Purple coneflower (Echinacea purpurea), an iconic native perennial, the one everyone knows and loves, doesn’t do well in my garden. Critters devour it, and it really prefers a site that’s wetter than mine. But every year one or two pop up to surprise me, as this one did yesterday. Just two of the many benefits of growing native species are that they are very tough, and they can self-seed.
The weather is finally heating up, so stay cool and enjoy the garden. In summer, what I mostly do in the garden is admire it:
– keep the grass long (3″ or more) to reduce mowing times. There is no need to fertilize or water—we’ve had more than enough rain. In hot weather the grass wants to go dormant, so let it.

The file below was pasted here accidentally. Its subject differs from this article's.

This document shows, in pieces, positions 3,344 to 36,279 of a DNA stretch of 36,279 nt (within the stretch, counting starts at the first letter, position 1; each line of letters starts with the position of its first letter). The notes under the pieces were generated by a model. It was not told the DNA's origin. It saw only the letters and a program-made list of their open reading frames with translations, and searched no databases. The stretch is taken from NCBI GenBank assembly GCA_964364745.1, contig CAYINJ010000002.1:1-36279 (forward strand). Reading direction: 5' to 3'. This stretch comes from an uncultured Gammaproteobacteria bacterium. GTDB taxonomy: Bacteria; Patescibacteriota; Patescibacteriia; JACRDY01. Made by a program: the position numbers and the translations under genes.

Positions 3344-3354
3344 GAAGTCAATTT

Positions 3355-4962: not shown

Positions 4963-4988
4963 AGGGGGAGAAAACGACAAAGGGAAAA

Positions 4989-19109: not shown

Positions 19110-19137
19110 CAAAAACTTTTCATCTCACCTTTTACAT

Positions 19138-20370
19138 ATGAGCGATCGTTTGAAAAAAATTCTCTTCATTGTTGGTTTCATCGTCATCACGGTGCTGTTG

– as perennials finish blooming, leave the dead flowers on the plants. Collect seeds as they ripen throughout the season; most will remain to feed the birds next winter.
– if you have not already done so, pull out early spring greens, such as arugula, spinach, and lettuce, as well as pea plants after they finish producing; compost all these plants unless they are diseased
– continue to plant beans, kale, chard, and other members of the brassica clan if you have room; harvest squash, and beans before they get large and tough.
– continue to stake tomato plants firmly as they grow and remove all suckers
– monitor the vegetable garden carefully for pests and diseases
Raspberries are ripening in my garden, and if I’m very lucky this week I will beat the catbirds to at least a few of them.